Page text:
Increasing gas prices are forcing consumers to look for alternative ways to get around. Now a new study by Deloitte finds that 78 percent of Americans would consider purchasing an electric vehicle when fuel prices reach $5 a gallon.
The study, “Gaining traction: Will consumers ride the electric vehicle wave?,” surveyed 12,000 consumers globally, including more than 1,000 in the U.S., and concluded (a little obviously) that a high price of fuel would increase interest in electric vehicles.
"Offsetting the fuel factor is the finding that the better the fuel efficiency of internal combustion engine (ICE) vehicles, the less interested consumers become in EVs," said Craig Giffi, vice chairman, Deloitte LLP and U.S. automotive practice leader. "A total of 68 percent of consumers in the U.S. and 57 percent in China are less likely to consider an EV if they are able to find ICEs with a fuel efficiency of 50 miles per gallon."
According to the survey, the majority of consumers' in the world's four largest automotive markets either identify themselves as potential first movers, or at least willing to consider purchasing an electric vehicle (U.S. 54 percent, China 93 percent, Europe 69 percent, and Japan 48 percent).
However, for the mass adoption of electric vehicles, automakers would have to meet price and range expectations of consumers, the survey found. Consumer expectations for EV range, was two to three times (200 to 300 miles) the currently available range (100 miles), while expectations for charging time was two hours or less (60 percent in the United States, 55 percent in China, 67 percent in Europe, and 81 percent in Japan). Currently cars like the Nissan LEAF take about six to eight hours to charge. Considering the market offerings, the Chevy Volt or other plug-in hybrids (vehicles that switch to a gas tank once the electric charge runs out) seem to meet consumer needs far more than pure electric vehicles, at this point.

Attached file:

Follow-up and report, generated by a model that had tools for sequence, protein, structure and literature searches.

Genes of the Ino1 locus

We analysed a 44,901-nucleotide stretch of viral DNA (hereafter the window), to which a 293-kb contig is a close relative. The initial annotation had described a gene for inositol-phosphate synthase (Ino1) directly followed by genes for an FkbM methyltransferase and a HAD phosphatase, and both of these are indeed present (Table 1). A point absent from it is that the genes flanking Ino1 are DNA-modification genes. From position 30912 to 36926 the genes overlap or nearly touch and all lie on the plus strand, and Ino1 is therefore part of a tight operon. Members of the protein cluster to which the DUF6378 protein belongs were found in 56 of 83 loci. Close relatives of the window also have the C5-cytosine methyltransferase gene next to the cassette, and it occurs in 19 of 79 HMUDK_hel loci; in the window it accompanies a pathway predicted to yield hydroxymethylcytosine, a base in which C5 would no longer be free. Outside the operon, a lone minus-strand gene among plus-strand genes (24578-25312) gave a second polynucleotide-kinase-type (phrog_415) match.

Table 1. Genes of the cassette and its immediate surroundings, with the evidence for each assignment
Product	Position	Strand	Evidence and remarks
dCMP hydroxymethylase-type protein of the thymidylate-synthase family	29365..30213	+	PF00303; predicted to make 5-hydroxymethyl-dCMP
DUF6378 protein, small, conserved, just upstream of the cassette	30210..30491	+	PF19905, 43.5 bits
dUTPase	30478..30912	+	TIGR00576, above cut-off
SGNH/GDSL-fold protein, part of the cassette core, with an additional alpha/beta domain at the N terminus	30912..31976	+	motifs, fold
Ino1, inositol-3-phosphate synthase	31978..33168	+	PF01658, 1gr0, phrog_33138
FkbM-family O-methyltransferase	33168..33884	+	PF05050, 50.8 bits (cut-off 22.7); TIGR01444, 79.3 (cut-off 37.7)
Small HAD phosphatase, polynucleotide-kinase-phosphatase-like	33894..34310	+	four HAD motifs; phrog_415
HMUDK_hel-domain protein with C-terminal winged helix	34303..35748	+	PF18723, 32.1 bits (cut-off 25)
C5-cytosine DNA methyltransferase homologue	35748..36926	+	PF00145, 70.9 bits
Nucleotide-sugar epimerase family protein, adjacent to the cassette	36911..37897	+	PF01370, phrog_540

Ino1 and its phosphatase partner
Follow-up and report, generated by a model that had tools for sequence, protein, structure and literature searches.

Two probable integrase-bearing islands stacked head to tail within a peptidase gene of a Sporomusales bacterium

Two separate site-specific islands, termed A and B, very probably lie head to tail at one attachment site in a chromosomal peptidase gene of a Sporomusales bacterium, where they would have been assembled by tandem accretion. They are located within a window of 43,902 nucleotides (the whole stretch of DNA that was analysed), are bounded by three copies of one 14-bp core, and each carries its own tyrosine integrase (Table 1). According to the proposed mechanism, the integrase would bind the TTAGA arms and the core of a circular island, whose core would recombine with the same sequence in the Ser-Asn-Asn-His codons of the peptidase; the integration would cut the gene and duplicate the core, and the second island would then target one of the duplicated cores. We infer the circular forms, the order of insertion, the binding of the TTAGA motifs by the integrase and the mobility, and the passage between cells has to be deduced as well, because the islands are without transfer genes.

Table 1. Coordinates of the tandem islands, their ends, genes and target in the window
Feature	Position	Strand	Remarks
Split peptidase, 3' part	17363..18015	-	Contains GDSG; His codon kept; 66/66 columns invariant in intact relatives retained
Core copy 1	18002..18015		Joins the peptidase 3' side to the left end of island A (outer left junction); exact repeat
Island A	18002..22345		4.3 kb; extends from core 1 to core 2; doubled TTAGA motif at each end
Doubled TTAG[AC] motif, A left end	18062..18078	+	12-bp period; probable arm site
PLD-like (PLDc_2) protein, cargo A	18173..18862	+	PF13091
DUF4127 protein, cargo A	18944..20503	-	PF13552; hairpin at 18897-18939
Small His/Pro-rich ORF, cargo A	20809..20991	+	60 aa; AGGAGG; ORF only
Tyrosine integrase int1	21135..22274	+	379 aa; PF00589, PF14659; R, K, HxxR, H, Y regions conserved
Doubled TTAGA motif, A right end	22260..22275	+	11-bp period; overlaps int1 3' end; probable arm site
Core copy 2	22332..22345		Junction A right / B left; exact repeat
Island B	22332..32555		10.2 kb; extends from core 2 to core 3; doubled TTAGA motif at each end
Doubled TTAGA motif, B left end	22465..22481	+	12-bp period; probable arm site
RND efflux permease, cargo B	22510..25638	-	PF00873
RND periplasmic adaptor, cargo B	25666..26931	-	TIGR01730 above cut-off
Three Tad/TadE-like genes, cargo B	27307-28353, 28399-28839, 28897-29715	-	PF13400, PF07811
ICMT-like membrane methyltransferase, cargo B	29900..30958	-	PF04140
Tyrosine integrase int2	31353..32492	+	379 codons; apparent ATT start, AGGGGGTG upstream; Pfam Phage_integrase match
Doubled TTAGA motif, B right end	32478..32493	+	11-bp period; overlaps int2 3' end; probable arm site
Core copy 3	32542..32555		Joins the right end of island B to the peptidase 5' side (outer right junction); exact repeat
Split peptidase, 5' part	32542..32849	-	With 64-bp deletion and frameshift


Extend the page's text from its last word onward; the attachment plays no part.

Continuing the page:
From a price perspective, more than 50 percent of U.S. consumers said they would not be willing to pay a premium for electric vehicles compared to a regular car, while only eight percent said they were willing to pay a price premium of more than $3,000 -- making the need for government incentives even more necessary.
On the flip side, more than half of American respondents say they were at least somewhat knowledgeable about EVs, with 11 percent extremely or very knowledgeable. This is a huge step up from most past surveys, proving that electric car manufacturers are at least doing a decent job promoting the vehicle.
"Global mass adoption of electric vehicles will be significantly influenced by a number of factors, including rising fuel prices, advancements in ICEs, and the availability of government incentives," adds Giffi. "While interest in electric vehicles is growing, current market offerings generally fall far short of consumers' expectations for driving range, charging time, and purchase price."
Government policies towards stricter carbon emission standards and fossil fuels will also eventually drive market trends.
The violence in Libya and the Middle East, combined with the earthquake in Japan, is not likely to bring the price of oil done anytime soon. In the end, it might be the push hybrids and electric cars have been waiting for.